Every day, millions if not billions of people around the world use Google to search their way around the Internet. It’s such a common behavior that we’ve turned it into a verb — “to google.” And if Google were to disappear, even momentarily, that would be a very inconvenient thing for us.
For Sanmay Ved, though, it was quite fortunate.
Late one evening in September of 2015, Ved was tinkering around in Google Domains, a Google service which, as the name implies, allows you to buy unowned domain names. If you type in the name of a domain you’re interested in, Google Domains will show you whether that one is taken as well as some other, similar ones which may be available. For example, if you go there and search for the domain nowiknow.com, you’ll see something like below. The results display a frowny face next to the domain you searched for because that one is taken, as you know. But it gives you a smiley face next to nowiknow.today, meaning you can register it — and tells you that the cost is $20 per year.
On that September evening, though, Ved wasn’t looking up nowiknow.com — he decided to Google “google.com.” And what he saw surprised him, so he took a screenshot, as seen below. (Unfortunately, the screenshot he took is blurry; sorry about that.)
As you can probably make out, the top line reads “google.com” and, surprisingly, has a tell-tale green smiley face next to it. For some reason — and it’s not quite clear why — Google Domains was listing google.com for sale, and for the low, low price of $12/year. Ved described what happened next:
I clicked the add to cart icon beside the domain (which should not appear if the domain is not available for sale). The domain actually got added to my cart as seen by the green check-box, and the domain appeared in my cart. I was hoping I would get an error at sometime saying transaction did not go through, but I was able to complete purchase, and my credit card was actually charged!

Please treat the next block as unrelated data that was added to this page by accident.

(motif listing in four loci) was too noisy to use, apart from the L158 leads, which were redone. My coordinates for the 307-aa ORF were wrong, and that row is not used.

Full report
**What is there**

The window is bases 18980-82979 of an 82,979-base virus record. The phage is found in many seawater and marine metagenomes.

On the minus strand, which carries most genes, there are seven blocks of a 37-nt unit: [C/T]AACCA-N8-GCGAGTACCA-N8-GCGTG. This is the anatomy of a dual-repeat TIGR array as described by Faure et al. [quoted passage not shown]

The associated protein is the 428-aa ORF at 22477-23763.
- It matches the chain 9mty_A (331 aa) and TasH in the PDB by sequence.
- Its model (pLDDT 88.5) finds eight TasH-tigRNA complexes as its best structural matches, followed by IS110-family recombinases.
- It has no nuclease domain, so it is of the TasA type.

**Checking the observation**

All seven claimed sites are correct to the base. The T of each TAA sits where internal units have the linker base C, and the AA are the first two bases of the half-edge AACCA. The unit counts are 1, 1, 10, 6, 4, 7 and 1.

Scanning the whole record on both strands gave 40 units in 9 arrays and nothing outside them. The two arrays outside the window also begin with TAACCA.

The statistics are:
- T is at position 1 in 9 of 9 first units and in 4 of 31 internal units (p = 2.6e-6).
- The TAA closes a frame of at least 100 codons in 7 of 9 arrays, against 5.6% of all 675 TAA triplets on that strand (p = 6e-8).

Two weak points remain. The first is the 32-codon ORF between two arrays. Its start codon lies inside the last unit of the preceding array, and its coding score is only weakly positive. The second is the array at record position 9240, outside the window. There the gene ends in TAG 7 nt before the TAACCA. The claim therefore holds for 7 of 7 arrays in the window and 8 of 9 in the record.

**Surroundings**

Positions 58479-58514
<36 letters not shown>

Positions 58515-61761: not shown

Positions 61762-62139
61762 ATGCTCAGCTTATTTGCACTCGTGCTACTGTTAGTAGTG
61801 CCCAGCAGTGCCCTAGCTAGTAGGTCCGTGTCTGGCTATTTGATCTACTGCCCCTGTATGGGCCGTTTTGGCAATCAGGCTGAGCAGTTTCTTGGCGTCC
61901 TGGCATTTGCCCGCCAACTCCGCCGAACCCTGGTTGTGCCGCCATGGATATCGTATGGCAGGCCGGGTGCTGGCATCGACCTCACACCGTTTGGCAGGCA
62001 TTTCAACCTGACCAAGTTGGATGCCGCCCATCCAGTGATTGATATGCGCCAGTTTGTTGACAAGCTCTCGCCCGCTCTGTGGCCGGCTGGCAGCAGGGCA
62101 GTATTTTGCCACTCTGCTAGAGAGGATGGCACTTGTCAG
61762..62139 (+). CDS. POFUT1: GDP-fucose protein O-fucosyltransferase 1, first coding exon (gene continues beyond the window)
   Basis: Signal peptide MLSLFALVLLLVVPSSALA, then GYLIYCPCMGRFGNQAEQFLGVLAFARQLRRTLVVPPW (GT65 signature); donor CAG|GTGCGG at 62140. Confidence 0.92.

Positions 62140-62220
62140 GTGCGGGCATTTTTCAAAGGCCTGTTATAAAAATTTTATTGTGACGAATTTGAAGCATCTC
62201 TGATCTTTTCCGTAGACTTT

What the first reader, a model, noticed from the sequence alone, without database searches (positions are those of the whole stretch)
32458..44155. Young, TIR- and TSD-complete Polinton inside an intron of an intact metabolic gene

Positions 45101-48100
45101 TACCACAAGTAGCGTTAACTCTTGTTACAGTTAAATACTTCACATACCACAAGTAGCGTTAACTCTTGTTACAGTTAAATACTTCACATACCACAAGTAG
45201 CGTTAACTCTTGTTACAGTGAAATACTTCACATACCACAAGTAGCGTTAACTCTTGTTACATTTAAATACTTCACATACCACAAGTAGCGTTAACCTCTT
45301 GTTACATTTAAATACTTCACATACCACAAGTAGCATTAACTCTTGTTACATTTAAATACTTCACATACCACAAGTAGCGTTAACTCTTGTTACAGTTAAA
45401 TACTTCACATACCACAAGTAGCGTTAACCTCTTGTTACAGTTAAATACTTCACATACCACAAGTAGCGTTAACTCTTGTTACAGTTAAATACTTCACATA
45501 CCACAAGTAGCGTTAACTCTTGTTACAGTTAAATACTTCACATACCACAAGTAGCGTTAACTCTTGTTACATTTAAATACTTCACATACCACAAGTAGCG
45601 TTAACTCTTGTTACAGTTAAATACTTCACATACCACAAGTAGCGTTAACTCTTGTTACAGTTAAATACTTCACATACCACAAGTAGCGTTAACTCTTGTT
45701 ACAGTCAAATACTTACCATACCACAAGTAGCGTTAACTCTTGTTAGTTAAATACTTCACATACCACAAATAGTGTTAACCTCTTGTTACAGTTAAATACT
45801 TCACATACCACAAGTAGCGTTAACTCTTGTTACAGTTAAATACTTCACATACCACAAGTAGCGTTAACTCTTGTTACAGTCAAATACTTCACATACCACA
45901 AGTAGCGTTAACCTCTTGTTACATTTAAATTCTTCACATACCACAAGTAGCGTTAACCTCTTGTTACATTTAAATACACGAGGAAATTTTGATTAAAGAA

Other online tools verified that this wasn’t just an erroneous billing, either; the Google domain was actually transferred to Ved. But Ved’s ownership of the google.com domain name was short-lived. About a minute later, Google reversed the credit card charge and sent him an email stating that the domain wasn’t his anymore. (And thankfully, during that sixty seconds gone, Google’s services seemed to remain functional.)
But Ved wasn’t quite done yet. A former Google employee (or “Xoogler,” as they apparently call themselves), he decided to contact Google security about the glitch. As it turns out, Google’s security team has a rewards program for those who report critical flaws, and Ved’s discovery qualified. They gave him $6,006.13 — “Google,” but in numerals, almost — for his troubles, and then doubled it when they learned he donated it to a charity.
Not bad for a minute’s work.
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